[Chart courtesy of MarketWatch.com]
1. Moving the Markets
Although markets did little to impress in the first day of trading after the holiday weekend, the gains from last week were enough to maintain a positive month overall for May. This marks the third straight month of gains for the S&P 500 for a grand total of +1.8%.
Today, we heard mixed news on consumer health here in the U.S. April income rose 0.4% and spending jumped 1%, which was more than analysts’ had forecast. However, consumer confidence in May disappointed. The Conference Board reported that the May confidence reading came in at 92.6, below April’s 94.7 level and below the May estimate of 96.1. Manufacturing contracted and Chicago PMI came in below expectations; nothing but weak data that might not give the Fed the warm fuzzies when considering a rate hike later this month.
During May, stocks got a hearty lift from oil surging above $50 per barrel for the first time since October. The $50 per barrel target price is something to keep an eye on as we head towards the summer months unless, of course, oil prices collapse again like they did last summer.
Later this week, Wall Street will be closely watching a key monetary policy meeting of the ECB and an OPEC gathering, although analysts don’t expect any announcement on oil production cuts in the imminent future.
2. ETFs in the Spotlight
In case you missed the announcement and description of this section, you can read it here again.
It features 10 broadly diversified ETFs from my HighVolume list as posted every Monday. Furthermore, they are screened for the lowest MaxDD% number meaning they have been showing better resistance to temporary sell offs than all others over the past year.
Here are the 10 candidates:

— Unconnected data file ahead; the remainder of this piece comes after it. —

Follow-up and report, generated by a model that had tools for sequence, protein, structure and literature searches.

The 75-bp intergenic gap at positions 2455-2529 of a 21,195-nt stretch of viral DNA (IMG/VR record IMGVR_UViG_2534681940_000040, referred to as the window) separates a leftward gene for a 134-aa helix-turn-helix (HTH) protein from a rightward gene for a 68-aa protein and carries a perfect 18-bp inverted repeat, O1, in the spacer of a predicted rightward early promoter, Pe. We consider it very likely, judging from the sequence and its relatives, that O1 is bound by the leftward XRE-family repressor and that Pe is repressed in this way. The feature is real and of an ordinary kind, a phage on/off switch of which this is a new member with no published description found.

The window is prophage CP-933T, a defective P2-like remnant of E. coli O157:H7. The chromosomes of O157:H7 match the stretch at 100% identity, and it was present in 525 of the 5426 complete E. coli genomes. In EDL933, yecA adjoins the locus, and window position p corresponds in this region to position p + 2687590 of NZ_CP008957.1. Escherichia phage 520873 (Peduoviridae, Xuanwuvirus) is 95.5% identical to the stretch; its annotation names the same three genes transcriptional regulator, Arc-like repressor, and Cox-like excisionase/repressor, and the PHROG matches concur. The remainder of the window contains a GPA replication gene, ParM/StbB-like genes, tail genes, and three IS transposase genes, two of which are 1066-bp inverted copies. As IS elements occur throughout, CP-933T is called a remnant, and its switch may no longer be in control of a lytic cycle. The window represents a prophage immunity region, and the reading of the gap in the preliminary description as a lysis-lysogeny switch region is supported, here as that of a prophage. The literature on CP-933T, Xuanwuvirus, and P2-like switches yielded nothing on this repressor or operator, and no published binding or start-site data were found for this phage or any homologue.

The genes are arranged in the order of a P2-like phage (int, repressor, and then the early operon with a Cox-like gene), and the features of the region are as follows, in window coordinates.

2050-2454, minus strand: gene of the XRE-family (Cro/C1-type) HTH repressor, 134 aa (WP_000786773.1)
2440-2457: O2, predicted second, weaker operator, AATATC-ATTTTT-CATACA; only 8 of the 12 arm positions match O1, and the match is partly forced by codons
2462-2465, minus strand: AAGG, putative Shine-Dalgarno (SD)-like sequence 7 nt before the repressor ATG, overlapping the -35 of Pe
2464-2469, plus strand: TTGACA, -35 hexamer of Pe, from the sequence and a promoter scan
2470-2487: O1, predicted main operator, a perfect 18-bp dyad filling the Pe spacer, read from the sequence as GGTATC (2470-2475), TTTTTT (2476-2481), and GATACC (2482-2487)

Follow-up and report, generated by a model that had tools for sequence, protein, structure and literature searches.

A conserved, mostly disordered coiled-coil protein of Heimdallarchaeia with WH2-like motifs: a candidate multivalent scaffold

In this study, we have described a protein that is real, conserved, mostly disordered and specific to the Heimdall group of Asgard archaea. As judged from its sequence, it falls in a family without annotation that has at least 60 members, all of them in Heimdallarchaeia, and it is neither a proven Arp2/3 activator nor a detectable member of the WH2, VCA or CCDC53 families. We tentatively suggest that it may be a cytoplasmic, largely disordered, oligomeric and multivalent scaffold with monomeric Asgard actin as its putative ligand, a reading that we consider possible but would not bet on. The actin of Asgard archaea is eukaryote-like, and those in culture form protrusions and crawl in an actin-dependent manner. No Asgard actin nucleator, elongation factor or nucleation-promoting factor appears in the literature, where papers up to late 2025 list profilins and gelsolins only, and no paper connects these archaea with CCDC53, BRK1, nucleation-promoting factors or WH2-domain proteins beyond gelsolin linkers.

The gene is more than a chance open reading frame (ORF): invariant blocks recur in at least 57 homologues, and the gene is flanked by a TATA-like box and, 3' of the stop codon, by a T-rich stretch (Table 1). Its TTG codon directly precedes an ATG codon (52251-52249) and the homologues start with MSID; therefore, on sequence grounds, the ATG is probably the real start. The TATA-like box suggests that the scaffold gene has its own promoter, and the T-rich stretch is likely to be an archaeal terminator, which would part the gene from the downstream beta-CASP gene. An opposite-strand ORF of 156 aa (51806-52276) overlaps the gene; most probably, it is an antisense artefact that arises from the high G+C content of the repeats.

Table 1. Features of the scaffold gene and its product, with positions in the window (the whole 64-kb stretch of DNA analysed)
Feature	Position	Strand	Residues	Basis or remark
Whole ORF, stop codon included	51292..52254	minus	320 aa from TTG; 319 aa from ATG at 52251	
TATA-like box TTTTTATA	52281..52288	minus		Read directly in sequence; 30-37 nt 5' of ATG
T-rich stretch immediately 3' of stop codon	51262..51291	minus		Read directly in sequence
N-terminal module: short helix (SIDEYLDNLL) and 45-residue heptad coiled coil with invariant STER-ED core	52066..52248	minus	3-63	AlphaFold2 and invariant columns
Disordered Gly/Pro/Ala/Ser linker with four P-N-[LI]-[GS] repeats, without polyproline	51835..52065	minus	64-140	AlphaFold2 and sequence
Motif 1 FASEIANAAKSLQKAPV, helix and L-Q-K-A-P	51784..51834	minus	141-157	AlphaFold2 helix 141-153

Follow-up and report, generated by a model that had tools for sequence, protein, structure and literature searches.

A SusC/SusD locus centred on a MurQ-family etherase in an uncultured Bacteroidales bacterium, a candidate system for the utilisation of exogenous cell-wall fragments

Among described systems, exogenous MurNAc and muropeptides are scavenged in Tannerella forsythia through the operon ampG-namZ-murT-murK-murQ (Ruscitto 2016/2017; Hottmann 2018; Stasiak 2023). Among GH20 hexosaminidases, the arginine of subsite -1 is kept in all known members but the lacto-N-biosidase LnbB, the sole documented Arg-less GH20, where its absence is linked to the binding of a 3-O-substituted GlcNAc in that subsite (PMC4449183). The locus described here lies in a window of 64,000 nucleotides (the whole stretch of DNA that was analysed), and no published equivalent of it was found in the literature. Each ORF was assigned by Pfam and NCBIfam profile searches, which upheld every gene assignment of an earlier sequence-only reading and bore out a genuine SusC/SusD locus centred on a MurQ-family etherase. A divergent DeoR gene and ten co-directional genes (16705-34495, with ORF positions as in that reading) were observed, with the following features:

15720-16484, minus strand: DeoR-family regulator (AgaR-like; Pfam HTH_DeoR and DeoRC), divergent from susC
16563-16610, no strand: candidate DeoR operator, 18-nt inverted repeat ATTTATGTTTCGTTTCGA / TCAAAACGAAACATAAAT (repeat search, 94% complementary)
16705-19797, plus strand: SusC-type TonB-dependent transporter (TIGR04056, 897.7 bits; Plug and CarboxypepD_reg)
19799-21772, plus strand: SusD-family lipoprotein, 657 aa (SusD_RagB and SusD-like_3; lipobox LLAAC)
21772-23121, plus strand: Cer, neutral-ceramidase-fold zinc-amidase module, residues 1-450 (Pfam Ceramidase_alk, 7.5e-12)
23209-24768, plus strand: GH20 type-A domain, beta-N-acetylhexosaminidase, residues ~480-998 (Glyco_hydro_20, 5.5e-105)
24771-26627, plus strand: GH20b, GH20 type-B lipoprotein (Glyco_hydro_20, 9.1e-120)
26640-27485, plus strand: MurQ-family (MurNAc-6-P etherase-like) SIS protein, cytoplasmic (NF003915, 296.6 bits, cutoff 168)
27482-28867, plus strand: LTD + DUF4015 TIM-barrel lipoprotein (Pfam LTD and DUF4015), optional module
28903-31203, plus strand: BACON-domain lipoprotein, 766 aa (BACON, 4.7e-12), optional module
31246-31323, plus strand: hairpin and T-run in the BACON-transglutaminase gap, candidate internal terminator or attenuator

The above table simply demonstrates the magnitude with which some of the ETFs are fluctuating in regards to their positions above or below their respective individual trend lines (%M/A). A break below, represented by a negative number, shows weakness, while a break above, represented by a positive percentage, shows strength.
For hundreds of ETF/Mutual fund choices, be sure to reference Thursday’s StatSheet.
Year to date, here’s how the above candidates have fared so far:
Again, the first table above shows the position of the various ETFs in relation to their respective long term trend lines (%M/A), while the second one tracks their trailing sell stops in the “Off High” column. The “Action” column will signal a “Sell” once the -7.5% point has been taken out in the “Off High” column.
3. Trend Tracking Indexes (TTIs)
Our Domestic Trend Tracking Index (TTI) barely changed after the last trading day of March offered mostly a sideways pattern.
In regards to the International TTI, my theme remains the same in that I want to see more staying power above the line before issuing a new “BUY” so that we can limit the odds of another whip-saw signal.
Here’s how we closed this month:
Domestic TTI: +1.90% (last close +1.88%)—Buy signal effective 4/4/2016
International TTI: +1.13% (last close +1.18%)—Sell signal effective 5/16/2016
Disclosure: I am obliged to inform you that I, as well as advisory clients of mine, own some of these listed ETFs. Furthermore, they do not represent a specific investment recommendation for you, they merely show which ETFs from the universe I track are falling within the guidelines specified.